Yes folks … Once again … It is all about the children.
Proposition 14 on the April 4 Anchorage municipal ballot proposes to amend the Municipal Charter by removing the taxation on Marijuana from the Tax Cap calculation.
In Anchorage, the terms for the sale and marketing for marijuana were approved by voters with the express promise in the ballot language that the new revenue provided by the taxation would fall under the Anchorage Tax Cap.
Now here we are just a few years later with a proposition before us to be voted upon which will back-track on the ballot language that was approved by voters.
In 2023 the taxation on marijuana received by the Municipality will be roughly $6 million, which will reduce the burden on property taxpayer’s dollar for dollar. If passed, Proposition 14 will result in an increase of $68 in the annual property tax bill on a home with a $400,000 valuation with the removal of the $6 million from the tax cap, according to numbers provided by the Municipality.
This information is not included in the ballot language as the Anchorage Assembly deleted it in the S-2 version of the enabling Ordinance 2022-17, as passed on January 24.
Make no mistake about it, despite the way it is being sold, Proposition 14 is a significant property tax increase.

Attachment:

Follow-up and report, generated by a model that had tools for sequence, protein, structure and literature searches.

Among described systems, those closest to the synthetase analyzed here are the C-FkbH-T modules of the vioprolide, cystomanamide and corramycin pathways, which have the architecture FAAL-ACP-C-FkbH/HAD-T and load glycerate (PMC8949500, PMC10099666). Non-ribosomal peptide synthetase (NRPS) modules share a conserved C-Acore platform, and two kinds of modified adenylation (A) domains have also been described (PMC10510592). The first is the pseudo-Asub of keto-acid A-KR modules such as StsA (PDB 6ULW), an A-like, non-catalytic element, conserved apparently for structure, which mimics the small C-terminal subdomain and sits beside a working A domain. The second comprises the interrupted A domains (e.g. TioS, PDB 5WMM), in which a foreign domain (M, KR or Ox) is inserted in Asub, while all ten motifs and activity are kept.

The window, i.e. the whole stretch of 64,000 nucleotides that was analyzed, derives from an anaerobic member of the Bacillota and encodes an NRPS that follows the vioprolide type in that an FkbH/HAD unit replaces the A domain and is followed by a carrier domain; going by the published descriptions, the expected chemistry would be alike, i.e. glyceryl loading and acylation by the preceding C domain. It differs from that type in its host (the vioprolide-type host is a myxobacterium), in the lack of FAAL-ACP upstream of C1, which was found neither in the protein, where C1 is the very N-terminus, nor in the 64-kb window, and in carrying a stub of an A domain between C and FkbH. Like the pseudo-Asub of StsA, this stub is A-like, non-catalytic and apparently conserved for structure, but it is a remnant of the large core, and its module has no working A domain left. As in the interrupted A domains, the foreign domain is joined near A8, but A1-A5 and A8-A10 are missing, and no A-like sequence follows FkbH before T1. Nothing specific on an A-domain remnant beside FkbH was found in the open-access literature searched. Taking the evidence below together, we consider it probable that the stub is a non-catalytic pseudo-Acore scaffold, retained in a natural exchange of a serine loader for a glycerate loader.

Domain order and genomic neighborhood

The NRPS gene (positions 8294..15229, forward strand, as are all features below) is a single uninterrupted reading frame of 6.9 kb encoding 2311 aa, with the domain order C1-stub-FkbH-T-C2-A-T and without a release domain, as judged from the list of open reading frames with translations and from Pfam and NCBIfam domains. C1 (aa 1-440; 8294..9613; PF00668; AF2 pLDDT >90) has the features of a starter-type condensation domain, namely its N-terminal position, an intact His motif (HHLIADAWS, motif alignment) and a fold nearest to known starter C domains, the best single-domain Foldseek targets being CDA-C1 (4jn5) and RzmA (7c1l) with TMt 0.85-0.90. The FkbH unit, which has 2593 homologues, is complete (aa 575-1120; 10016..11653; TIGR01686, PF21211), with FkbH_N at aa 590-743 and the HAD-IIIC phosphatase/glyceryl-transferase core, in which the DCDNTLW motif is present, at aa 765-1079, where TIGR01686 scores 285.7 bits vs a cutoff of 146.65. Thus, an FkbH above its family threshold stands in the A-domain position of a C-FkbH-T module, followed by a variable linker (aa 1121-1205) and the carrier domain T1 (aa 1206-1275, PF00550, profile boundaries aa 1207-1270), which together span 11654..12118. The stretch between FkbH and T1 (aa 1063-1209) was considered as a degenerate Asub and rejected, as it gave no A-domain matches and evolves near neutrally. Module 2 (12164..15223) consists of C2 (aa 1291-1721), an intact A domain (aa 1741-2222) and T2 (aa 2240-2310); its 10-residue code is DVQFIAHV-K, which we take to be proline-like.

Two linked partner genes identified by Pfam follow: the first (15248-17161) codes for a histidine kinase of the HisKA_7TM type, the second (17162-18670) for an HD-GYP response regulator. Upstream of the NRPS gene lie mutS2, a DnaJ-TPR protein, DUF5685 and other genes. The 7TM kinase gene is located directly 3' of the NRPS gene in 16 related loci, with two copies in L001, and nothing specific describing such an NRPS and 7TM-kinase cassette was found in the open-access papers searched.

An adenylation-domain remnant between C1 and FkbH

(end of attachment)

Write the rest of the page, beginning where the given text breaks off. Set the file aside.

So just what does Proposition 14 propose? The ballot language dedicates the revenue from the marijuana tax to be utilized for “child care and early education” along with creating an “accountability board of child care and early education.”
Do we really need to create more bureaucracy in our education system?
If Proposition 14 passes, this new “accountability board” will surely have the need for increased revenue as their number one priority.
In 2009, voters approved the “Repair Our Tax Cap Initiative” with a 62% margin, reversing the attempt by then-Mayor Mark Begich to alter the tax cap calculation. In 2016 voters approved another “Repair Our Tax Cap Initiative” by a similar 62% vote reversing the attempt by then Mayor Ethan Berkowitz to alter the Tax Cap calculation.
Utilizing “child care and early education” as a ‘Trojan Horse’ to un-lock the voter approved provisions of our tax cap will haunt Anchorage property taxpayers. If Preposition 14 is approved, you will certainly see future proposals to dilute our tax cap even further utilizing this same formula.
Let us respect the initial promise made by the Municipality of Anchorage, the one approved by voters, and keep the marijuana tax inside the tax cap calculation.
Vote no on Proposition 14.
Bob Maier is a property taxpayer residing in Anchorage.